Revista de Medicina Desportiva (English) November 2018 - Page 11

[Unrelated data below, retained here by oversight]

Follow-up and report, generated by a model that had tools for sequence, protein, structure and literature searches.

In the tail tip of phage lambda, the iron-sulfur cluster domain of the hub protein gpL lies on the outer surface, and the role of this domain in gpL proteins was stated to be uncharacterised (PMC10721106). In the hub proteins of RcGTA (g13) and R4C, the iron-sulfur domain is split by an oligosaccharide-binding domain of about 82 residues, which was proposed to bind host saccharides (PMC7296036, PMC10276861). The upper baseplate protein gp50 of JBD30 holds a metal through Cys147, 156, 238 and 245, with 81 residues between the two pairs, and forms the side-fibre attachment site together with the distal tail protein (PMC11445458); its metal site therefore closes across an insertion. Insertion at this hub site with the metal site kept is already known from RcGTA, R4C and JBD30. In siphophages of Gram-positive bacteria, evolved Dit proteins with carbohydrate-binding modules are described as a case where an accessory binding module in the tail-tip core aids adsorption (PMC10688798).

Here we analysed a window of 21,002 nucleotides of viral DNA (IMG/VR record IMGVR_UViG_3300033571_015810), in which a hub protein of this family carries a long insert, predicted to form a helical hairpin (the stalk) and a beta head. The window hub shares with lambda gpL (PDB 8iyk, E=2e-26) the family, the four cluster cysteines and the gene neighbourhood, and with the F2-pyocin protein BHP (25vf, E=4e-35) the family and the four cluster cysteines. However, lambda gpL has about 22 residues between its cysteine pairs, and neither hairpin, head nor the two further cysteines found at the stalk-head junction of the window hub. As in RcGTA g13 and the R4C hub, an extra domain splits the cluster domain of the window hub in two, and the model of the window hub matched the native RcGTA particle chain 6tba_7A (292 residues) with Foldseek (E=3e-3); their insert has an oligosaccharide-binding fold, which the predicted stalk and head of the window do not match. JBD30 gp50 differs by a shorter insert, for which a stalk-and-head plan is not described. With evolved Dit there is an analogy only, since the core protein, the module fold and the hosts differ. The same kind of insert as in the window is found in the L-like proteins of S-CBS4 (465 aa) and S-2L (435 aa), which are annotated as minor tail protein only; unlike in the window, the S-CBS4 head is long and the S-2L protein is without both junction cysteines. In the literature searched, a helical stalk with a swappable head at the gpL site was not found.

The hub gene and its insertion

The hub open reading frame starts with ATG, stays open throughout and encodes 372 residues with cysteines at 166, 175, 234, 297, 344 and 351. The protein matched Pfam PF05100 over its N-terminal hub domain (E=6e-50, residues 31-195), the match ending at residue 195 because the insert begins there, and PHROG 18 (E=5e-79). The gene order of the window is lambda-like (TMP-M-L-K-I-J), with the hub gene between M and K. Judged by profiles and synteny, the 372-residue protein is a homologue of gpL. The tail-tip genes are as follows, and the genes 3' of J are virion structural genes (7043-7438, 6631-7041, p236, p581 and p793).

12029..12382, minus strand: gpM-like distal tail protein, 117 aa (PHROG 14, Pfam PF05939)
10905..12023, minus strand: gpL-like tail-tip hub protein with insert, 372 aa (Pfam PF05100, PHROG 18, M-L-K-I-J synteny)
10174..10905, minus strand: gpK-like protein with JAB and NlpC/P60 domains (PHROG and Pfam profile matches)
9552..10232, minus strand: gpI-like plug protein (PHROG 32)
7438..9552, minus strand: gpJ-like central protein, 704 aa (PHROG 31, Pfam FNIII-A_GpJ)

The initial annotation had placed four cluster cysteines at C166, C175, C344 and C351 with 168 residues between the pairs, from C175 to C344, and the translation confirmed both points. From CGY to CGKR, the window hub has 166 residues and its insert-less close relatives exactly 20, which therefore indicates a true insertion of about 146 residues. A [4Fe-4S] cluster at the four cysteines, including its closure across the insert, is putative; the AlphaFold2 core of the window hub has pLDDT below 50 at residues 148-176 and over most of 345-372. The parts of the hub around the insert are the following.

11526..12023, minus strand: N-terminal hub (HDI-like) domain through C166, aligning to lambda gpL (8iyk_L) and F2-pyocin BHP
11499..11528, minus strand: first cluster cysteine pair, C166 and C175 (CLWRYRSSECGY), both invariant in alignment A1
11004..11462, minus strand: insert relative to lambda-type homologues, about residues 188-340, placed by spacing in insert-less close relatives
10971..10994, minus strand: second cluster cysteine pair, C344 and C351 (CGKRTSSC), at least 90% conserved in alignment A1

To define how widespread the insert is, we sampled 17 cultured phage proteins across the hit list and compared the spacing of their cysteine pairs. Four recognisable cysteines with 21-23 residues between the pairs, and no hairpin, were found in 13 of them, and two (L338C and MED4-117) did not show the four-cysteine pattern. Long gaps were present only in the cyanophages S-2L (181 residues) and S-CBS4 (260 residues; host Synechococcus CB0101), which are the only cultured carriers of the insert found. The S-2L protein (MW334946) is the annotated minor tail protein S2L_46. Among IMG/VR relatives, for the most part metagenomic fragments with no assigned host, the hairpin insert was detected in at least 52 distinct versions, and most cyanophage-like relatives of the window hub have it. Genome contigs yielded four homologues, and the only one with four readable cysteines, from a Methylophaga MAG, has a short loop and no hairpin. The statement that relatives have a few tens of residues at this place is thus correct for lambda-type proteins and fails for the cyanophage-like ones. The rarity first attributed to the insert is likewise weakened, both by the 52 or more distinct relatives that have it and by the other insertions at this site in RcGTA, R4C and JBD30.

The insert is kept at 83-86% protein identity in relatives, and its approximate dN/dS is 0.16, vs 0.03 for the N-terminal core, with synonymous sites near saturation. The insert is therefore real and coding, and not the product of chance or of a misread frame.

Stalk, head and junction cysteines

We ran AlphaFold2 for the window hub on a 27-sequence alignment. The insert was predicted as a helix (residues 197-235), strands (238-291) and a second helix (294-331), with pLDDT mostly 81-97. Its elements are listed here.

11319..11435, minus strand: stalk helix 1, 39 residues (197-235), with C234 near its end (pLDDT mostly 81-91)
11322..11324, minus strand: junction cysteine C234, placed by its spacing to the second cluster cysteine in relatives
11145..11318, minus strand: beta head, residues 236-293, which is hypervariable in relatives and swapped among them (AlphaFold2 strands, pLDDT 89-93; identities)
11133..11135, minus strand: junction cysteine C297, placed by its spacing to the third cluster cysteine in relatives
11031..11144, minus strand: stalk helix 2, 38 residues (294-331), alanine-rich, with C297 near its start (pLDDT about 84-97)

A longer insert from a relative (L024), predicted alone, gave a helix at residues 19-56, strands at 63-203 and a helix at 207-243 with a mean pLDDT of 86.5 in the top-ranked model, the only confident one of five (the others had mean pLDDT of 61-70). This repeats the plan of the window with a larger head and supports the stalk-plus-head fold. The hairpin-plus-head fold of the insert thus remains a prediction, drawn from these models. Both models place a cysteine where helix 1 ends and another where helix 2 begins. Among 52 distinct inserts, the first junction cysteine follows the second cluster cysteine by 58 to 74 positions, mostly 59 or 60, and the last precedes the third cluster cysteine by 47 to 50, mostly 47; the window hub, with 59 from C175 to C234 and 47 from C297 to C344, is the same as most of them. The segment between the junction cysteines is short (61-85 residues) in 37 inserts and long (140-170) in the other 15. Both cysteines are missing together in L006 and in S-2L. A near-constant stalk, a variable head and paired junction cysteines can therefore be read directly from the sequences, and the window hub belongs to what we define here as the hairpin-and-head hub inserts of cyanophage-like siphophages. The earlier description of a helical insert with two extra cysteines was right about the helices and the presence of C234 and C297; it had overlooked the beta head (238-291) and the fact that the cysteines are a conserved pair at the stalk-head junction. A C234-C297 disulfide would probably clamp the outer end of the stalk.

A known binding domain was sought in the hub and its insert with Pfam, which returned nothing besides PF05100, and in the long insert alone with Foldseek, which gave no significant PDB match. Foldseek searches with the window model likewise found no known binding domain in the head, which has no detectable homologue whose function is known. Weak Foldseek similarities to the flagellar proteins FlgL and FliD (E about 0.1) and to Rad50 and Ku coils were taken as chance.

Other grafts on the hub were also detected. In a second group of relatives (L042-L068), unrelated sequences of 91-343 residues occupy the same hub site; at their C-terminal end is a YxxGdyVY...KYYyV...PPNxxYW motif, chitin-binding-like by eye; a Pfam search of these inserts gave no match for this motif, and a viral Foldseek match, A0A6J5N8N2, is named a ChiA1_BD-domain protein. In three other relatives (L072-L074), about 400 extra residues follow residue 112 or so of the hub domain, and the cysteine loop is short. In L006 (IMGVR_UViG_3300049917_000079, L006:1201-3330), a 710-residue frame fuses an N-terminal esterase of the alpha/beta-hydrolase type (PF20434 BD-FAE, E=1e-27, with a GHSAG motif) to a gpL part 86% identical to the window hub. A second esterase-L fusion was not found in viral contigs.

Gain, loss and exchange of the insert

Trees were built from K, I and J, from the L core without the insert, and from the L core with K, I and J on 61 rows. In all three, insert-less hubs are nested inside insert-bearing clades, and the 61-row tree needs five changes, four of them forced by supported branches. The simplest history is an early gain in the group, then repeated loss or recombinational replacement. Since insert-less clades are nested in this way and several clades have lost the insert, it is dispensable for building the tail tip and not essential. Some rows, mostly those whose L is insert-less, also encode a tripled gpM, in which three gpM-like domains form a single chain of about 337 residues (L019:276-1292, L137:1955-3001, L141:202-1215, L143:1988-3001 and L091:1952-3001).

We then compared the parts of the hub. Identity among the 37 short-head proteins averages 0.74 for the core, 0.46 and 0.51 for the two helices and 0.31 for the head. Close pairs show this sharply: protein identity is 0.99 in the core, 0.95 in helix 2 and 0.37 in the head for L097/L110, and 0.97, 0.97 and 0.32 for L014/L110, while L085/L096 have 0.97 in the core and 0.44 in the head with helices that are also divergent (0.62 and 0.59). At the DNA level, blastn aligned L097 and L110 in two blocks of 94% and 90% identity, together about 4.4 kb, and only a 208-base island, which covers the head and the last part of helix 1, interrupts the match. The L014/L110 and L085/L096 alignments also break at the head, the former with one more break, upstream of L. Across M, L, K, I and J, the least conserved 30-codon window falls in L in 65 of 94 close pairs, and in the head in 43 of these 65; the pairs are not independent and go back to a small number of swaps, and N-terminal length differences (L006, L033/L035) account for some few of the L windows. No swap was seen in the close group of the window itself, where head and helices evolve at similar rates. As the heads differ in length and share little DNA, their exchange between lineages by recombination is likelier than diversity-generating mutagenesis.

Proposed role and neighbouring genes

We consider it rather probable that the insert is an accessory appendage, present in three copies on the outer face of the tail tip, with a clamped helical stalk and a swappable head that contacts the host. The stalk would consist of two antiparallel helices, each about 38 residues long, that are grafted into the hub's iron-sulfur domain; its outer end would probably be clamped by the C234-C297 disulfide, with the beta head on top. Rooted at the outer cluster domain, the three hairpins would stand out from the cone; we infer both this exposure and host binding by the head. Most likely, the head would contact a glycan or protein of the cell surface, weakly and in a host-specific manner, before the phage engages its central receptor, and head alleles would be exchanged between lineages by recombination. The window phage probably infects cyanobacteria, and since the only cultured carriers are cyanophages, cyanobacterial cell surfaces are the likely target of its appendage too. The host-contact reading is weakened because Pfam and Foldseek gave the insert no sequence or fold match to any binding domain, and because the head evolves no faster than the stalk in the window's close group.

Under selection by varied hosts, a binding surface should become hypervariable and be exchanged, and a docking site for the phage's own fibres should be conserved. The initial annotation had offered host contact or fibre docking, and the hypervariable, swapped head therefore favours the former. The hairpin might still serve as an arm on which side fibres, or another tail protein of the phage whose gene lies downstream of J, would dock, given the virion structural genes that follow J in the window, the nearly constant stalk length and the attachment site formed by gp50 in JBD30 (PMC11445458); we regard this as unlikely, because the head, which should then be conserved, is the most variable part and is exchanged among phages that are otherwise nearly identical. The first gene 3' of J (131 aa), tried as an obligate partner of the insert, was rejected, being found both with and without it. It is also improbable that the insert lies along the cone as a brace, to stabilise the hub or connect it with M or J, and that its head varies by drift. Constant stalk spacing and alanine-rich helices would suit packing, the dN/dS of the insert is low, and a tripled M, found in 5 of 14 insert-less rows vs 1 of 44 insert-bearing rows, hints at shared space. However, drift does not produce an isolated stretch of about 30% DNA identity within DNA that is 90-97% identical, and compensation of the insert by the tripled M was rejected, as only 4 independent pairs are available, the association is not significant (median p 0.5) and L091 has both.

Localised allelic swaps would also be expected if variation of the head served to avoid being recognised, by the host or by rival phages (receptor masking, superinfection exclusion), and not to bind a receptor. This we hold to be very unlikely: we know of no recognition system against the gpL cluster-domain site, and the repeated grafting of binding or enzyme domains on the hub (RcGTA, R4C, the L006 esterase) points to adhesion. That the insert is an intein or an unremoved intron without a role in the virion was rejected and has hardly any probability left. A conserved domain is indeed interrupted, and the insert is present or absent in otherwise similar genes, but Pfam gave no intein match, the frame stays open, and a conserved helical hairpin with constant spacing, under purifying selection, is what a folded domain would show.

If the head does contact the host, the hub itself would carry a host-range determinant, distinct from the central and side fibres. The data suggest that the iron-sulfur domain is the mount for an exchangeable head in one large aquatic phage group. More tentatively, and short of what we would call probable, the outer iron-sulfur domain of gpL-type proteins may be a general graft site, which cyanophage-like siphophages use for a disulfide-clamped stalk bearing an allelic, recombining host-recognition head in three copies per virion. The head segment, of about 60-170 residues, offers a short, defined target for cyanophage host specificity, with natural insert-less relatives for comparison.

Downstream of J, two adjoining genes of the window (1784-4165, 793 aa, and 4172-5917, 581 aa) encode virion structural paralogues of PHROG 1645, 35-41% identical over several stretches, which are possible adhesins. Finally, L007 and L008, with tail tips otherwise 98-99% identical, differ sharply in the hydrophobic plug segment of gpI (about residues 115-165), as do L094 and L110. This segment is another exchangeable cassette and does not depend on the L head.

Rev. Medicina Desportiva informa, 2018; 9(6):9-11. Hard Work, Soft Swelling – Muscular Hernia Dr. Luís Duarte 1 , Dra. Marisa Bizarro 1 , Dra. Dora Alves 2 1 Resident of Medical General Practitioner, USF Grão Vasco; 2 Medical General Practitioner Specialist USF Grão Vasco – Viseu, Portugal RESUMO / ABSTRACT The muscular hernia is defined as a protrusion of muscle tissue through a defect in the muscular fascial sheath. Muscular hernias are often underdiagnosed or misdiagnosed. They are divided into traumatic and constitutional, being the anterior tibial muscle the most frequently affected. A mass that is visible only during contraction of the musculature favors the diagnosis, and this should be confirmed by imaging. Most are asymptomatic, requiring no treatment. When they are slightly symptomatic, resting, restriction of physical exercise and the use of compression stockings is indi- cated. Surgery may be indicated in the highly symptomatic cases. PALAVRAS-CHAVE / KEYWORDS Muscular hernia, physical activity Inroduction A muscle hernia (MH) is defined as protrusion of muscle tissue through a defect of the muscle fascia sheath. 1-2 The MHs (muscle hernias) can afflict any area in the body, but they are more frequent in the lower limbs, where the tibial anterior muscle is most often affected. 1-3 Usually they are underdiagnosed or incorrectly diagnosed as an hematoma or a varicose vein. The true incidence of MH in the lower limb is unknown. The MH are traumatic or constitu- tional, where the constitutionals can have a starting point from the holes located on the muscle compartments through which the perforating veins penetrate. Due to the chronic stress, the dimensions of those holes increase allowing the protrusion of the muscle tissue. 1 The traumatic MHs result from direct and indirect trauma. 1 Usually MHs appear on young sporstman. 4 They can be seen as a protuberance that is only visible when standing or after muscle contraction. 4 On rest, this protuber- ance usually is not seen. 4 MHs can be symptomatic or asymptomatic. When they are symptomatic, pain is usually the main symptom. 3 The diagnosis is clinical based and later supported by image exams, where echography is the more accessible. 1-3 There is no ideal treatment for the muscle hernias. 1-3 Treatment varies according the symptomatology and it can include rest, physical exercise restriction, use of compression stockings, surgery or just surveil- lance. 1-3 Clinical case This is the case about a young male, 17 years old, gym practitioner, twice a week, one hour / day for 18 months. The gym activities fre- quently included the elevation of 40kgs weights, with both lower limbs at the same time. He had 3 hours of physical education at the school and a walking of 30 minutes daily. He denied the regular practice of other physical and sports activities. He had no personal or family relevant pathological background. He had an appointment because of a swelling of about 1,5 x 1,5 cm located on the anterolateral area of the lower third of his left leg for 8 days. He denied pain, functional limitation and there wasn’t any change of the color on the leg. He denied any fall or other trauma, just referring the already described physical activity. On physi- cal examination there was a swell- ing with soft consistence, mobile, without pulsation, measuring about 1,5 com on its longer axis on the anterolateral area of the lower third of his left leg. There wasn’t nor pain on palpation, nor any change of the skin coloration or of the local tem- perature. The swelling was visible with sight contraction of the left leg muscle. At rest and without contrac- tion the swelling was not visible. An ultrasonography directed to the soft tissue was ordered to clarify the situation and a conservative treatment was started, with surveil- lance and eviction of weight training for the legs. The ultrasonography revealed a muscle hernia, with 15mm of extension and without criteria of rupture. He had another medical appointment 41 days after the first visit for reevaluation. He stated the perception of a decrease on the size of the MH on the left leg and denied any other symptomology. He indicated that only once went to the gym during that period, but without lifting weights with the left leg. He had participated at school on the physical education classes without restrictions. On physical examination it was seen he same dimensions of the MH, measuring about 1,5cm on its longer axis. There wasn’t any change on the skin color and also with no pain on palpa- tion. However, the MH was now only seen after vigorous muscle contrac- tion of the leg. Once again, he was advised for surveillance and eviction of weight training for the legs, but without any restriction for other physical activities. A reevaluation was scheduled after 3 months. Discussion It seems that the study of MHs, especially those of the lower limbs, started on 1929 by Hugo Idhe. 1 His- torically, the military surgeons, when they studied the MHS on military recruits, gave a great contribution for the knowledge of this pathology. 2 The true incidence of MHs on the lower limbs is unknown, because some of the them are asymptomatic that do not promote the medical aid. 2,3 This clinical case shows that, although physical exercise has several health benefits, when exag- gerated or deregulated can bring disastrous consequences. 5 In the presence of a clinical suspicion of a Revista de Medicina Desportiva informa setembro 2018 · 9